Mint vs Personal Capital: Why you actually want BOTH.

Disclaimer: I’m an affiliate of Personal Capital so I may receive a commission if you sign up and link an investment accounts over a certain amount.   You may receive a call from Personal Capital soliciting you to try their paid services but you’re not required to sign up.

If you’ve followed many money management sites and investing sites you’ve probably heard of the free tools Mint and Personal Capital.  I used to think of Personal Capital as being the fancier version of Mint for investors.  After all, they both have budgeting tools and they both have some investment tools.  But they both excel at different things and actually work together well.  Together but separate that is.

Personal Capital – Your Investment Manager

In my opinion, here’s the best way to use both.  Link up your investments to Personal Capital.  This is where it excels- as an investment advisor.   Personal Capital’s FREE service will analyze your portfolio and let you know what your risk level is and your current asset allocation as well.   It gives a more sophisticated asset allocation than your typical split of just stocks and bonds.  It breaks things down to also slice out international and stocks and bonds as well as alternative investments and cash.    Their analysis tool also shares their recommendations of appropriate allocation.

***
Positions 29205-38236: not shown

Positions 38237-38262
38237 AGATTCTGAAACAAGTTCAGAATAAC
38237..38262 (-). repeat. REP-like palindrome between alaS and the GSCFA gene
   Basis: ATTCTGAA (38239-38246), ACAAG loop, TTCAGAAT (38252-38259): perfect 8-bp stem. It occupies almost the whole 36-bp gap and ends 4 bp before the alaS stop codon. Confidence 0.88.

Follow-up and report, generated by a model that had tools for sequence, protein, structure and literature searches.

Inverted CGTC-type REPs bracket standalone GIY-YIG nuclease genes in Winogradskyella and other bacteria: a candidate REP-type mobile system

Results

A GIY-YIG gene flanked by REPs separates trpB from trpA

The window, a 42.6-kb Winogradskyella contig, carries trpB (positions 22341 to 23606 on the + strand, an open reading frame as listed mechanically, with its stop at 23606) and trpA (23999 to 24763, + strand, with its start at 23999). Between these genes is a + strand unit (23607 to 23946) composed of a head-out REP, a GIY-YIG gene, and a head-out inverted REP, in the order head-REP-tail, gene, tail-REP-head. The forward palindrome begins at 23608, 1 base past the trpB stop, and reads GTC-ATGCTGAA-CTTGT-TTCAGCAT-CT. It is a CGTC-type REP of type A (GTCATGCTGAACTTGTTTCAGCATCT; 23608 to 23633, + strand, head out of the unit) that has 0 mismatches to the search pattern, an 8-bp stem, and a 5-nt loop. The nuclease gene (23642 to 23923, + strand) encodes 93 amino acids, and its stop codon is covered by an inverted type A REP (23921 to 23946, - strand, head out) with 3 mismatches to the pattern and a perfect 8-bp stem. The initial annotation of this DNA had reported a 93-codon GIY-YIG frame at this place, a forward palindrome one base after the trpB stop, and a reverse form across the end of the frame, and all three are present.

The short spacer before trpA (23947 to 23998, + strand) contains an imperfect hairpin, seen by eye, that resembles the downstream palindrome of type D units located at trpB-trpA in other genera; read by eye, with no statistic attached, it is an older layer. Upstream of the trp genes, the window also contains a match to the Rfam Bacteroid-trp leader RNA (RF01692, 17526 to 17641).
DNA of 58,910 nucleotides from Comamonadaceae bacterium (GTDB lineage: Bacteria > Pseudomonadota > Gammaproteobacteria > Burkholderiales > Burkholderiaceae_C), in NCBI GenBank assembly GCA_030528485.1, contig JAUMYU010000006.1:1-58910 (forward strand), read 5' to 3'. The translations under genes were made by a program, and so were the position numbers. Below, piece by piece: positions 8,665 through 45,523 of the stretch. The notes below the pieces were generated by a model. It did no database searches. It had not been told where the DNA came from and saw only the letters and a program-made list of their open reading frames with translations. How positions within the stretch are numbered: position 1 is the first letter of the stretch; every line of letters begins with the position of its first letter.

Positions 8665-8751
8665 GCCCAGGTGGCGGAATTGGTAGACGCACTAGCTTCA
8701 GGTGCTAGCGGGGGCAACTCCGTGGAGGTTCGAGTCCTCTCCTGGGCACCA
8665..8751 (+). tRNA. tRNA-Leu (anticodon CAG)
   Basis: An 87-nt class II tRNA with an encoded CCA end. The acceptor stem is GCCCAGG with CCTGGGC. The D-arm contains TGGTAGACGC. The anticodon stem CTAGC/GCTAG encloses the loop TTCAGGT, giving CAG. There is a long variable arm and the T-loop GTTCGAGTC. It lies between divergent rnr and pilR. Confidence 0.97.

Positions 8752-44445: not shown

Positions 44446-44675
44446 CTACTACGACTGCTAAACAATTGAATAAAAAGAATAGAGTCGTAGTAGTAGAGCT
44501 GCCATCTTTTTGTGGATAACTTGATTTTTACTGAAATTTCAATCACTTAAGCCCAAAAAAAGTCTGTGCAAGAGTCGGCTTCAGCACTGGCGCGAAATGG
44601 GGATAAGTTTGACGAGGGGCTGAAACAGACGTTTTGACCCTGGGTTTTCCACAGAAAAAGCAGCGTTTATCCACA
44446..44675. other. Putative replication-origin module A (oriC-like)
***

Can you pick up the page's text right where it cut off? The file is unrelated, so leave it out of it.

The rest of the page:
In addition to this, Personal Capital will police you investments to look for high expense ratios to make sure you’re not spending more then you ought to for a mutual fund.  Overpriced mutual funds.  They’re a thing.   Don’t let it happen to you.

But here’s where I’d say to stop connecting accounts in my humble opinion.  I wouldn’t bother with cash flow.   Keep Personal Capital strictly investments like 401k, Roth IRA’s, Rollover or Traditional IRA’s or regular taxable investments.      Leave the checking accounts and credit cards to Mint which is IMO the cash flow specialist.  Sign up for Personal Capital here.

Here’s an overview of how it works:

Mint- Your Cash Flow Manager

Mint is great for tracking your spend and inflows of cash.  It has nice tools to help you budget and track your spending so you know if you’re overspending in a category.  You’ll also get alert emails if certain spend exceeds what is typical.   This can help you prevent fraud and overindulging yourself.    Mint has investment tools but I say leave that to the specialist at Personal Capital and again if you sign up for Personal Capital and link an account now you’ll get a free $20 credit with Amazon.

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